Sign up for our free newsletter
Free D.C. news, delivered to your inbox daily.
The standard thinking on Central Michel Richard goes something like this: It’s more democratic than Citronelle,the celebrated chef’s Georgetown flagship. The bistro offers a chance to sample Richard’s kitchen wizardry without dropping a pair of Benjamins, which is certainly true. But, really, Central feels casual and cheap only by comparison to hotel fine-dining.
Sitting here suffering from bistro-style service while I wait seven minutes for a menu, I’m thinking specifically about the $29 lobster burger, which I ate on a previous visit. I don’t know about you, but a $29 sandwich doesn’t exactly strike me as prole food, even if you have to wait like a Soviet worker on a bread line to order one.
Don’t get me wrong. I think the burger is quintessentially Richard, a sandwich that requires the precision of a baker and the imagination of a great chef to overhaul a staple like the lobster roll. It doesn’t surprise me that the sandwich is the best-selling item at Central, despite its price tag. More than five years after its debut on the lounge menu at Citronelle, the lobster burger is still a rock star.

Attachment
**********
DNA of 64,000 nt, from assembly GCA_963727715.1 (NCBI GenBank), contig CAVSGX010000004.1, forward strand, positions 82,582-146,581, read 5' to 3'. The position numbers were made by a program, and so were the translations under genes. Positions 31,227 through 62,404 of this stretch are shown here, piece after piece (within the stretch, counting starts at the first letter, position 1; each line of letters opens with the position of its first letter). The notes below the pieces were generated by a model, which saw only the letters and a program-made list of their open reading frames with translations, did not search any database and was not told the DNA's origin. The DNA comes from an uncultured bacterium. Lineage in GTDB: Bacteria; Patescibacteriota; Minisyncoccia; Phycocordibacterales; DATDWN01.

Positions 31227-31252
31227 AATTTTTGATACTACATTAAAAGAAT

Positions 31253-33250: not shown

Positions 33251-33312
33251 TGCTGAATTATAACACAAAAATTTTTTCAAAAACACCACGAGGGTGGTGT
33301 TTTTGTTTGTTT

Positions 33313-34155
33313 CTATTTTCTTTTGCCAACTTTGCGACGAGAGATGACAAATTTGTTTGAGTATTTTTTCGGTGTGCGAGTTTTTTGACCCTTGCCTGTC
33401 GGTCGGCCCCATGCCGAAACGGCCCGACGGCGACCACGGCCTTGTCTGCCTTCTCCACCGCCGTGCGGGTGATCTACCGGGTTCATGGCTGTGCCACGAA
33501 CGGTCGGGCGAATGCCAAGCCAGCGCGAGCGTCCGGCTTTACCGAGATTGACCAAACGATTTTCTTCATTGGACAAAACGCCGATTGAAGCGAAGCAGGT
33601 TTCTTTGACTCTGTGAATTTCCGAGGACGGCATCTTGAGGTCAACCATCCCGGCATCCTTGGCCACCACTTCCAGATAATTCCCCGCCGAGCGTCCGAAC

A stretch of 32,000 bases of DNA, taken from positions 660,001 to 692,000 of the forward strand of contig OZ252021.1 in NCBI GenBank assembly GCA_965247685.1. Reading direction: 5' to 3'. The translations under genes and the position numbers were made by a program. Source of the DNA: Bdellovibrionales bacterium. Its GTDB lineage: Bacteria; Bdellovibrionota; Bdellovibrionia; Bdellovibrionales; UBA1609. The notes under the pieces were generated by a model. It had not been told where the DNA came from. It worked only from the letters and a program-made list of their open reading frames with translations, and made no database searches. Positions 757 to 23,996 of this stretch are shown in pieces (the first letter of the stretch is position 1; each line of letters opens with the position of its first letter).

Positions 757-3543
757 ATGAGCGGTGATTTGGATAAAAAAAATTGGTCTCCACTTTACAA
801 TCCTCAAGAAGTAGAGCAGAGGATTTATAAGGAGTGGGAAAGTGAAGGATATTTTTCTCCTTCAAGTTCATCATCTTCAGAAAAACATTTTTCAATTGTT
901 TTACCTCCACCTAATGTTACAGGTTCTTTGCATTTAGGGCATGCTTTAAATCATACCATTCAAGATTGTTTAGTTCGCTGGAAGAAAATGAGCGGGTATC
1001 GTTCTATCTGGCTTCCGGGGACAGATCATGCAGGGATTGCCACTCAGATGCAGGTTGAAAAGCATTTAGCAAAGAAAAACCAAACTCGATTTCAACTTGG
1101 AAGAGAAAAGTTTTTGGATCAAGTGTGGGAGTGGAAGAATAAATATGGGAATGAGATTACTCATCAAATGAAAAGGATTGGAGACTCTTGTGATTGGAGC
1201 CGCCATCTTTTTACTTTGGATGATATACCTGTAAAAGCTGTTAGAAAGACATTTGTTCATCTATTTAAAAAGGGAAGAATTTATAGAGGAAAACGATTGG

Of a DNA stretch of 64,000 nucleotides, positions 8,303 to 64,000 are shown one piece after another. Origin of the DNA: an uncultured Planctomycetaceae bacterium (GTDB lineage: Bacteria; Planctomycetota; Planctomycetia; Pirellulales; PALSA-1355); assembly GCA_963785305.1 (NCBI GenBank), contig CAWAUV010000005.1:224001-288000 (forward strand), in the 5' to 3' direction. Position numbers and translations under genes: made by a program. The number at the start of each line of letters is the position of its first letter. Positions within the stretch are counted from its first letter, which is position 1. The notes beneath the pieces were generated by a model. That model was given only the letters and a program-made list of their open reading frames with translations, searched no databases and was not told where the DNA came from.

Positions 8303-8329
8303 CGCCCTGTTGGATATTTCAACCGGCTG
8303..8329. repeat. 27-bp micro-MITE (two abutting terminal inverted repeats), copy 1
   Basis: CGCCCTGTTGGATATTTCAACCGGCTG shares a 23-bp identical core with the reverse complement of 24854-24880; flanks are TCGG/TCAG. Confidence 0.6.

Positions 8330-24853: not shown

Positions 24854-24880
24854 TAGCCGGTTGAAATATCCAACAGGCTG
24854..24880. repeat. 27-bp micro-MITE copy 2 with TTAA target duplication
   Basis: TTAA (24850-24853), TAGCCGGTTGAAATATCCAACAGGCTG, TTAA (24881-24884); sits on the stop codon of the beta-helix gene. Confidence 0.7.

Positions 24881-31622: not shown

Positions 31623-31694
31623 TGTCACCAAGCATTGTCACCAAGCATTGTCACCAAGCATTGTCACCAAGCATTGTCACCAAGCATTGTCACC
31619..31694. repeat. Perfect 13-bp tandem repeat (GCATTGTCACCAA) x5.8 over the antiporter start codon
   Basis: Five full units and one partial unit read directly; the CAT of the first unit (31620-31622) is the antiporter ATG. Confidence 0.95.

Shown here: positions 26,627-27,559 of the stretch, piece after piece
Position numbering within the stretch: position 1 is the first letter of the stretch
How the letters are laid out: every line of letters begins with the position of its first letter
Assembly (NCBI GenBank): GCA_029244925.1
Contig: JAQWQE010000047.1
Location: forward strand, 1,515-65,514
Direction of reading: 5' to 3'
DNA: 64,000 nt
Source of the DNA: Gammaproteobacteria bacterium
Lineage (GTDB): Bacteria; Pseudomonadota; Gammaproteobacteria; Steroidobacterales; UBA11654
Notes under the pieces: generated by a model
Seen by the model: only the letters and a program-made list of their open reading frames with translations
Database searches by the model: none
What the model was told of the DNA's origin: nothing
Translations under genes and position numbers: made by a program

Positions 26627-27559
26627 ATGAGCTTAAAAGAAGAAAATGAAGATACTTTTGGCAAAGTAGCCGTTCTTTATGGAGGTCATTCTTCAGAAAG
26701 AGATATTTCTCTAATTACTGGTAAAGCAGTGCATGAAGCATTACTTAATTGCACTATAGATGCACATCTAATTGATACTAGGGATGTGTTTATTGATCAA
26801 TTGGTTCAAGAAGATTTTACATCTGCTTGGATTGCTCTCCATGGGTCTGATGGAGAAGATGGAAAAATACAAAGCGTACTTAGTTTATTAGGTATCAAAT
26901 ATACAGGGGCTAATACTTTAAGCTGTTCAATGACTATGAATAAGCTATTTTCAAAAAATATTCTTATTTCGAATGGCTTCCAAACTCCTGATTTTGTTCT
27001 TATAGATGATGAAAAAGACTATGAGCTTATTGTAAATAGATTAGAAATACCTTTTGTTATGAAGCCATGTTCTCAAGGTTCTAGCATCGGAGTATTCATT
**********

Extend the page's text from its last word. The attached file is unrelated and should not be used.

The dish, according to Richard’s cookbook Happy in the Kitchen, consists of a plump patty of chopped tail and knuckle meat bound together with puréed claw flesh. The house-made brioche bun is slathered with an aromatic ginger mayonnaise, also house-made; a thick, oven-roasted tomato slice lies on the bottom bun along with some greens. (The recipe calls for mâche, while the real deal at Central comes with no greens whatsoever.) The patty is then slid into place and topped with several potato tuiles, thin crispy wafers glued together with the same ginger mayo.
That mayo, generously applied on several surfaces, drips from the sandwich as if a stand-in for beef juices. But no matter how messy and delicious it is, can anyone justify charging $29 for a bistro sandwich? Even more to the point: Can I make the burger any cheaper at home, using Richard’s cookbook as my guide?